Of all consumer complaints made last year, The Federal Trade Commission (FTC) received 19 percent for collection agencies, an increase of 17 percent from the year before. Debt collectors have gone to unbelievable lengths to secure FTC permission to contact debtors on their personal cell phones, a practice that will cost the taxpayer even more hard earned money. This will sink debtors further into the hole. This type of inefficient government only stalls the future of IRS collection. To hire a questionable business entity and reward them with a 25 percent bounty is unfathomable. This will certainly not impart confidence in the new system. Calling at all hours, threatening jail time or liens, repeat calling, verbal abuse, giving out false information/promises and attempting to collect for debts that are not even owed are only a few of the many reasons that debt collectors receive the massive amounts of complaints from consumers. President Colleen M. Kelley of the National Treasury Employees Union noted, “It is simply unbelievable that the IRS would continue to press ahead to do business - and to provide taxpayer information - to an industry with this kind of record.” Not only must taxpayers prepare for this intolerable invasion of privacy, but now they must worry about abuse from debt collectors as well as schemers planning to plunge them further into debt.
The average collection officer brings in $900,000 annually, far more than his or her yearly salary. It’s incomprehensible that Congress cannot see that this is by far the better deal. This is not the first time that the IRS has attempted this maneuver. It was found to be too costly back in the 1990s but here we go again and this is not the first time a U.S. government agency has handed over private information to collection agencies. The Department of Education employs debt collectors to collect on student loans in default. The Treasury Department has also hired collection agencies, both of which have garnered a slew of complaints against them for this very practice. The IRS is promising that debt collectors will adhere to their same rules, with zero intimidation and no access to underlying tax records. Looking at the complaints against the Department of Education and the track record of debt collectors already hired, that’s a hard pill to swallow.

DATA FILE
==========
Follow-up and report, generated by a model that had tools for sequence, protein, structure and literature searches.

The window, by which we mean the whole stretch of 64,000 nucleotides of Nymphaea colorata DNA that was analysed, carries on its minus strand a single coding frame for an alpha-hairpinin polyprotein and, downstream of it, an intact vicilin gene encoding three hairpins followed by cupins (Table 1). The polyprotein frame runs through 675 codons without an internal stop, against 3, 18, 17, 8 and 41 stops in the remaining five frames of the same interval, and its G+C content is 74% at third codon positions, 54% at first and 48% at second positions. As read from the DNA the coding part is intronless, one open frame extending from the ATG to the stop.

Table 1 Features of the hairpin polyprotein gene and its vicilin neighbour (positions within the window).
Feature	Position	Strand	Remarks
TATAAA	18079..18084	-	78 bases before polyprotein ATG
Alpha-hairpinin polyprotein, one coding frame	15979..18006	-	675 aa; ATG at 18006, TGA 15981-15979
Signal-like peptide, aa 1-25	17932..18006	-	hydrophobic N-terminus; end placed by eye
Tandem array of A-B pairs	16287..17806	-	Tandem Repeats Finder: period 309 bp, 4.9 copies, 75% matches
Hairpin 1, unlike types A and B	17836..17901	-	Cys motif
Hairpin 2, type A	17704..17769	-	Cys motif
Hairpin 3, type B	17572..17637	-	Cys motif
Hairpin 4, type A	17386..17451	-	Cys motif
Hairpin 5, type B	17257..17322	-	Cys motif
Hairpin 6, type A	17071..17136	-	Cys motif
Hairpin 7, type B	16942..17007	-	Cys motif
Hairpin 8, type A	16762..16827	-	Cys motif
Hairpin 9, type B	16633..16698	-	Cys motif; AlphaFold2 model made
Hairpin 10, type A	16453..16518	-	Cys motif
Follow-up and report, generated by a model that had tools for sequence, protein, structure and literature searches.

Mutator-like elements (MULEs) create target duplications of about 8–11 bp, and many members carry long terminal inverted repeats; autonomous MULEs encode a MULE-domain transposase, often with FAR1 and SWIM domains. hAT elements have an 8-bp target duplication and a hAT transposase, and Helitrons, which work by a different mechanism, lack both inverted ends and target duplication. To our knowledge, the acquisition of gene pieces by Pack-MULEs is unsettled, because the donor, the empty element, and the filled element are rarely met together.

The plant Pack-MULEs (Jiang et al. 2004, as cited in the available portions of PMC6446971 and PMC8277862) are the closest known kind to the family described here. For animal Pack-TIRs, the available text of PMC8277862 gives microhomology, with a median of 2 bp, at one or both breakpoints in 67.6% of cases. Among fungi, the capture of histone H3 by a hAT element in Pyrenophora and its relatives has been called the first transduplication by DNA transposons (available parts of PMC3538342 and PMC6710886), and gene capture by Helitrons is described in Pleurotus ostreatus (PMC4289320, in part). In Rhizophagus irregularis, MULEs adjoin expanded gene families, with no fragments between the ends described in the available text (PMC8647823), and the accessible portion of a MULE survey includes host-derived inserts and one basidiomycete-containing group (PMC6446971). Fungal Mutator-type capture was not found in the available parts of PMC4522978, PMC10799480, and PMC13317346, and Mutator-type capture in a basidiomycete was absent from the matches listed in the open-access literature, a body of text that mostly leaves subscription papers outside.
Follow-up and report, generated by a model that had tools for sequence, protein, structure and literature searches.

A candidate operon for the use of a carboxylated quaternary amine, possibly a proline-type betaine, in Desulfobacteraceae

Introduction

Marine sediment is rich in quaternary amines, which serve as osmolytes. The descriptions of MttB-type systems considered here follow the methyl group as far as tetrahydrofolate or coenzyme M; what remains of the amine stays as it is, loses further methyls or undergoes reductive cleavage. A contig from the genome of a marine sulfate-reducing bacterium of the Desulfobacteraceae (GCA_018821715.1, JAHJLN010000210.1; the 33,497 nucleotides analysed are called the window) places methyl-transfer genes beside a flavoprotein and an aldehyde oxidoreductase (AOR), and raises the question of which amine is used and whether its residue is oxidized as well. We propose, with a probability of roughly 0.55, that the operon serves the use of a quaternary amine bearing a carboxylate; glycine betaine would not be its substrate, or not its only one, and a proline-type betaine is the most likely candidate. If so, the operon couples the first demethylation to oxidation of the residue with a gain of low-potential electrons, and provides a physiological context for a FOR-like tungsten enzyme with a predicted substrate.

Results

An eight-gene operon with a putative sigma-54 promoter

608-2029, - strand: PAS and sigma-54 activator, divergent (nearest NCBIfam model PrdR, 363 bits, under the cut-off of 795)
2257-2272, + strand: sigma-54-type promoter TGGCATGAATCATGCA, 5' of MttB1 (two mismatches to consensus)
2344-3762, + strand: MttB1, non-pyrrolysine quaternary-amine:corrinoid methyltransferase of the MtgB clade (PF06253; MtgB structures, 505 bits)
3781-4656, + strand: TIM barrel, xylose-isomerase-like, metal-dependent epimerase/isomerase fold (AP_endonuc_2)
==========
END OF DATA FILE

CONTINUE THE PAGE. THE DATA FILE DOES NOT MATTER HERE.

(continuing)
Even more astounding is that Congress has been concerned before about abusive IRS tactics, prohibiting the IRS from evaluating collection officers on the basis of the actual dollar amount recovered. And this is the same Congress that believes it’s safe and ethical to pay a commission to money hungry debt collectors? This is enough to make any taxpayer shudder. Collection agencies may place even more penalties on the taxpayer with outrageous fees as Pioneer Arcade Recovery of New York has already done to those owing on their student loans. This very company has already been hired to begin collecting for the IRS. How will adding more fees and penalties assist those trying to crawl their way out of a hole?
What won’t the IRS do? What’s next? Asking for the taxpayer’s first born? Privatizing debt collection is not only unwise, but it puts all taxpayers at risk. The threat of identity theft, spoof websites, schemers, scammers, criminal activity and abuse lurks around the corner if more collection agencies are hired. Congress needs to rethink their definition of discretionary expenditures and come up with a better plan. A plan that will benefit both the IRS and the taxpayer in the most cost effective manner.